—The time during which an infected person or a carrier can transmit an infectious agent.
—A person or animal that has been in an association with an infected person, animal, or contaminated environment that might provide an opportunity to acquire the infective agent.
— Direct contact involves the touching of wounds or mucous membranes of one person with contaminated body fluids from another person.
Indirect contact involves the sharing by an infected person and another person of an item that is contaminated with an infectious agent (e.g., soiled tissues, toys, eating utensils, and other items that are touched by hand, nose, or mouth).
Droplet contact involves large particles (>5 μm) that an infected person or a carrier releases during sneezing, coughing, spitting, singing, or talking. Contact occurs when droplets containing infectious agents from an infected person are projected onto the eyes, nose, or mouth of another person, usually within a distance of no more than a few meters.
—Any unwanted substance in aircraft cabin air.
—Chronic Obstructive Pulmonary Disease.
—A device used to distribute inlet air into the aircraft cabin in the desired manner.
—Use of insecticides to exterminate insect pests.
—U.S. Department of Transportation.
Droplets and droplet nuclei
—The dried residue of a droplet that remains after liquid evaporates is called a droplet nucleus. A droplet nucleus would include any microorganisms contained in the original droplet. The important differences between droplets and droplet nuclei are: (1) their size (respectively, greater or less than ~5 μm); (2) the distance that they can travel (respectively, less or more than a few meters); and (3) the site in the respiratory tract at which they deposit (respectively, the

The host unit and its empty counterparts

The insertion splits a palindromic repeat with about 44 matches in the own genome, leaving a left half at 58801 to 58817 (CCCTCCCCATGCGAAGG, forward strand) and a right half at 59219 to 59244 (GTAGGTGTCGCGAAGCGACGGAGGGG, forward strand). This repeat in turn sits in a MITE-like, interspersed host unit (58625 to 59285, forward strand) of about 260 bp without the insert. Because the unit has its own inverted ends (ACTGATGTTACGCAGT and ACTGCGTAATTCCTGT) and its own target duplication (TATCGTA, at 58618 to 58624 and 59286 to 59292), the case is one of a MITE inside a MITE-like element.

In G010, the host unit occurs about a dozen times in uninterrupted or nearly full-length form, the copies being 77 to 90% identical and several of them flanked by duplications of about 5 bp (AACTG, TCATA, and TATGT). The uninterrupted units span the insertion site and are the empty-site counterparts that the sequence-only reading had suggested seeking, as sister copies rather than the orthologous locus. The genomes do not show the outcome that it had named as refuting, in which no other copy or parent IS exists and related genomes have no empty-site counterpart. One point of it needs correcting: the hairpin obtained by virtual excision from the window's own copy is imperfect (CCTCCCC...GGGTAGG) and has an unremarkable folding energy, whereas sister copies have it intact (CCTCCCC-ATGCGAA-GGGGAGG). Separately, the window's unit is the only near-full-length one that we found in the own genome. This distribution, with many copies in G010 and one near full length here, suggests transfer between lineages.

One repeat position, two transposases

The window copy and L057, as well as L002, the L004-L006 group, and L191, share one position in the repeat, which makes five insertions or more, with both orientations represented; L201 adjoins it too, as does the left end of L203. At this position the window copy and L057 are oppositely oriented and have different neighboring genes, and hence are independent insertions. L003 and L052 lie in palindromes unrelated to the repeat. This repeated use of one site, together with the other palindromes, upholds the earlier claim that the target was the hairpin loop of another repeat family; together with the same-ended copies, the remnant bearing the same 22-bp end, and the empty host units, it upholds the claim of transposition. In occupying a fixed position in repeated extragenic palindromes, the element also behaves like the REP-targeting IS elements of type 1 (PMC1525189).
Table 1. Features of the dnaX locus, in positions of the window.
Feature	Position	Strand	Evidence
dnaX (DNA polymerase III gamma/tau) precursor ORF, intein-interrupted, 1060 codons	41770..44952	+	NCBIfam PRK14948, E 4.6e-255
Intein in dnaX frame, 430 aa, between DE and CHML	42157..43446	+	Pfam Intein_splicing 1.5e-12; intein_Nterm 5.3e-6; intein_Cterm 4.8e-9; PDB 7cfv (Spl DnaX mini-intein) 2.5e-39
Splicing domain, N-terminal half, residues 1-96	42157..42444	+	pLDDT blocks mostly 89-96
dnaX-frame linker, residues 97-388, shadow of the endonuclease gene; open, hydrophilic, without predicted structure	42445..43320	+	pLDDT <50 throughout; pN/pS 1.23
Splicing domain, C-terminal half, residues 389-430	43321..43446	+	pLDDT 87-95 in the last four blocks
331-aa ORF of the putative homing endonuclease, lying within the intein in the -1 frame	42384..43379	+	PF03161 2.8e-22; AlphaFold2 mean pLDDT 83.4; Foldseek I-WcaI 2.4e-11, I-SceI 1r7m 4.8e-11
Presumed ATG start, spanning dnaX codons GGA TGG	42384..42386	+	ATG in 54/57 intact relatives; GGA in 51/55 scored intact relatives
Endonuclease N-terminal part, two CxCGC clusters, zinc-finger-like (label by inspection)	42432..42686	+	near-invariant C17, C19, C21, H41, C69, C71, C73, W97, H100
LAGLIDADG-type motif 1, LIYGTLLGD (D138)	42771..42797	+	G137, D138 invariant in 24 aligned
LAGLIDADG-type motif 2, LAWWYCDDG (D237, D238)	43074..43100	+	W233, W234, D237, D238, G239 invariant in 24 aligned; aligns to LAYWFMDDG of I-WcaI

airways of the head and the upper respiratory system or the lower lungs). Transfer of an infectious agent in a droplet is considered a form of contact, whereas transfer by droplet nuclei is considered an airborne transmission.
—see Environmental Control System.
—A class of lipopolysaccharide-protein complexes that are an integral part of the outer membrane of Gram-negative bacteria.
Environmental Control System (ECS)
—The combination of equipment and controls used to maintain the environmental conditions in the aircraft cabin.
—U.S. Environmental Protection Agency.
—Environmental Tobacco Smoke.
—U.S. Federal Aviation Administration.
—Federal Aviation Regulation.
—Forced expiratory flow.
—Forced expiratory volume in the first second.
—Any means of removing contaminants from an air stream, including mechanisms such as mechanical filtration, chemical adsorption, and catalytic reduction.
—Pilots and flight engineers employed only on the flight-deck.
—Cockpit area of an aircraft.
—Synonymous with outside air. The term fresh air does not imply that it is uncontaminated air.
—Forced vital capacity.
—An individually controlled air inlet device that a passenger may use to direct a flow of air onto herself or himself.
—High Efficiency Particulate Filter.
—International Association of Machinists and Aerospace Workers.
—The development or multiplication of a microorganism in the body. (Infection does not always result in a recognizable disease, and individuals sometimes carry pathogens without becoming infected. A person may be infectious (i.e., able to transmit an agent to others) without experiencing symptoms.)
—Clinically apparent or manifest infection with outward signs.
Infectious disease outbreak